[ moh-luh-niz-uhm, mol-uh- ]
/ ˈmoʊ ləˌnɪz əm, ˈmɒl ə- /
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the theological doctrine, formulated by Luis Molina, that the consent of the human will is necessary for divine grace to be effective.
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OTHER WORDS FROM MolinismMo·li·nist, noun
Words nearby Molinism
Dictionary.com Unabridged Based on the Random House Unabridged Dictionary, © Random House, Inc. 2023
How to use Molinism in a sentence
In Scholasticism he founded a school of his own, and modified Molinism by his system of Congruism.The Jesuits, 1534-1921|Thomas J. Campbell
This question of Jansenism and Molinism occupied France for about two hundred years.The Works of Robert G. Ingersoll, Vol. 3 (of 12)|Robert G. Ingersoll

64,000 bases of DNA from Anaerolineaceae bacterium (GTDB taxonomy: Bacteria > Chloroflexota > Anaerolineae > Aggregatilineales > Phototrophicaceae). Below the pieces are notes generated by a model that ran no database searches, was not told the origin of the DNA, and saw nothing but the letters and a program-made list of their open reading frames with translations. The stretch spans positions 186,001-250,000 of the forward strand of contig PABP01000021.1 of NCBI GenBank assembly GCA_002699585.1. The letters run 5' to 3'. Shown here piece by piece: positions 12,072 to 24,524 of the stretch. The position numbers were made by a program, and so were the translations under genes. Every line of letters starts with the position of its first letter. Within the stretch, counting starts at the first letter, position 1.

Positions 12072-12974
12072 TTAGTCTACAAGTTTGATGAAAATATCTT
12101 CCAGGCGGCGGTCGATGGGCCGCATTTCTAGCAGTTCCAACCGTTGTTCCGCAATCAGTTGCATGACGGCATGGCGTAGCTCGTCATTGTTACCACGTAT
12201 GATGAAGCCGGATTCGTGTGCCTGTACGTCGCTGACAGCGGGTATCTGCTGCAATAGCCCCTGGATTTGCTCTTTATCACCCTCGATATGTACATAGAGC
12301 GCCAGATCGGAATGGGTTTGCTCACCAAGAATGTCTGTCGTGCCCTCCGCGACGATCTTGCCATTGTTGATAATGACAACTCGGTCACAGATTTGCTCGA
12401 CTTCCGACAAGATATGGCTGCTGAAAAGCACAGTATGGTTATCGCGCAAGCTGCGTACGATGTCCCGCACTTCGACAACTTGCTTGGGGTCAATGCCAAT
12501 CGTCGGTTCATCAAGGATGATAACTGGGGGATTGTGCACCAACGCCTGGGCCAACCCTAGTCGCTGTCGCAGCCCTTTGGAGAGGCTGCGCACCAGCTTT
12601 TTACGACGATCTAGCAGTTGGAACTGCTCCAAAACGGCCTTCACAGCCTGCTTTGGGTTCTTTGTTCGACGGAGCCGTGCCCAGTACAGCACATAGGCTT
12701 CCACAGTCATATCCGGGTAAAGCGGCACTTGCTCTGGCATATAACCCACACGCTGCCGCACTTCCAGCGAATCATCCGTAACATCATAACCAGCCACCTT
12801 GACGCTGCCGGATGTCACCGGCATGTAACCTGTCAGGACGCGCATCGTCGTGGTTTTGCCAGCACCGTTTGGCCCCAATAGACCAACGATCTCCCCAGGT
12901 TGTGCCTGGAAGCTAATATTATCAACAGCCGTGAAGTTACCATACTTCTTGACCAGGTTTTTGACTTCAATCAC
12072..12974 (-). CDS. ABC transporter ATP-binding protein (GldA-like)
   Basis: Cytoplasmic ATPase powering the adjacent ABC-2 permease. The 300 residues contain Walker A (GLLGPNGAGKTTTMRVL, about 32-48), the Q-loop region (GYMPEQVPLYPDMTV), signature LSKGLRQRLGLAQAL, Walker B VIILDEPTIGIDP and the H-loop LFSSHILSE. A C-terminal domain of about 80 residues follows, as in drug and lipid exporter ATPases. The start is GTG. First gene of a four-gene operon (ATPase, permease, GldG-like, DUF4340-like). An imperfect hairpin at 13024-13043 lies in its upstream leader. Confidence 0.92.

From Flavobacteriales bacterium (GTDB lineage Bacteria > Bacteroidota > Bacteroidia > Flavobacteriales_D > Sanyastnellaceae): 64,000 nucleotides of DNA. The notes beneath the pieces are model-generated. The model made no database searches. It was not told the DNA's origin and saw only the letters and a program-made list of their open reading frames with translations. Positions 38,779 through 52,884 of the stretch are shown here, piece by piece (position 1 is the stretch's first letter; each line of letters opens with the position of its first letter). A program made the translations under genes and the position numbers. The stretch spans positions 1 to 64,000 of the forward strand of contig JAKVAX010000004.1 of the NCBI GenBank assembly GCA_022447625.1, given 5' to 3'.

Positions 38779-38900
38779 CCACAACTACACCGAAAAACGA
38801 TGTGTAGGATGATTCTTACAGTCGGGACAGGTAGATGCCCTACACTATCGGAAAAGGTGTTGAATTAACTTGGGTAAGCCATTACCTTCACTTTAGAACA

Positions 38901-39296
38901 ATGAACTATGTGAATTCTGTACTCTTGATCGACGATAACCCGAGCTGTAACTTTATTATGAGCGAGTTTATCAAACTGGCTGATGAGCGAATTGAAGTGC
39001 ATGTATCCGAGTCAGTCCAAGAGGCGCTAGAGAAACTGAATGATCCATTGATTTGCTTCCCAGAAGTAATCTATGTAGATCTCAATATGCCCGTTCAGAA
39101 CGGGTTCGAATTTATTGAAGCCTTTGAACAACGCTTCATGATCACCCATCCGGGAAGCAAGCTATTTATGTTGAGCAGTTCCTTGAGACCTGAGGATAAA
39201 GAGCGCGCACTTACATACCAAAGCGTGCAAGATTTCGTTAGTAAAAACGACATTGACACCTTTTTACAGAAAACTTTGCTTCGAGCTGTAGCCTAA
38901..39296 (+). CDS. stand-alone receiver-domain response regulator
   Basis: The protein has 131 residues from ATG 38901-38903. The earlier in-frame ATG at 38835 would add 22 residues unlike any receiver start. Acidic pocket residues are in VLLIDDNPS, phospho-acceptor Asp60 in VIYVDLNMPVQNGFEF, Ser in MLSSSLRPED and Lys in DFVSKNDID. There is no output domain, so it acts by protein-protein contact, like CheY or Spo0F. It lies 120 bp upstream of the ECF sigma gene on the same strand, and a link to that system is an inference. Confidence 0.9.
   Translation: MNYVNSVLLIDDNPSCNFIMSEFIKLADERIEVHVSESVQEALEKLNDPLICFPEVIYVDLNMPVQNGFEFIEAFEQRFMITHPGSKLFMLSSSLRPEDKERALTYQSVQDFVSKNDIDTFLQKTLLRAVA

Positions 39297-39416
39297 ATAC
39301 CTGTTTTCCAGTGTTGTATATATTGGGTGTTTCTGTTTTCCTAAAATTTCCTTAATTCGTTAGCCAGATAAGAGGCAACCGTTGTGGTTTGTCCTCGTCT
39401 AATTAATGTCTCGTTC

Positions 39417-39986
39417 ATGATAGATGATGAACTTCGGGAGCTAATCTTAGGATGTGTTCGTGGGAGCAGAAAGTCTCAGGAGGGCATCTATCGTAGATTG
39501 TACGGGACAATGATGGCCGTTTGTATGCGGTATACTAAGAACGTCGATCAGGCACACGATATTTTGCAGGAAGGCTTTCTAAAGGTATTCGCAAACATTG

This would be a sure stroke, and almost the only means of establishing it and destroying Molinism.Pascal|John Tulloch
Molinism was a favourite bugbear among the orthodox Romanists of Innocent the Twelfth's day.A Handbook to the Works of Browning (6th ed.)|Mrs. Sutherland Orr
The first part of this proposition is scandalous, savouring of Molinism and apostacy.Records of The Spanish Inquisition|Andrew Dickson White
British Dictionary definitions for Molinism
/ (ˈmɒlɪnɪzəm) /
RC Church a doctrine of grace that attempts to reconcile the efficacy of divine grace with human free will in responding to it
Word Origin for Molinism
C17: named after Luis de Molina (1535–1600), Spanish Jesuit who taught such a doctrine
Collins English Dictionary - Complete & Unabridged 2012 Digital Edition © William Collins Sons & Co. Ltd. 1979, 1986 © HarperCollins Publishers 1998, 2000, 2003, 2005, 2006, 2007, 2009, 2012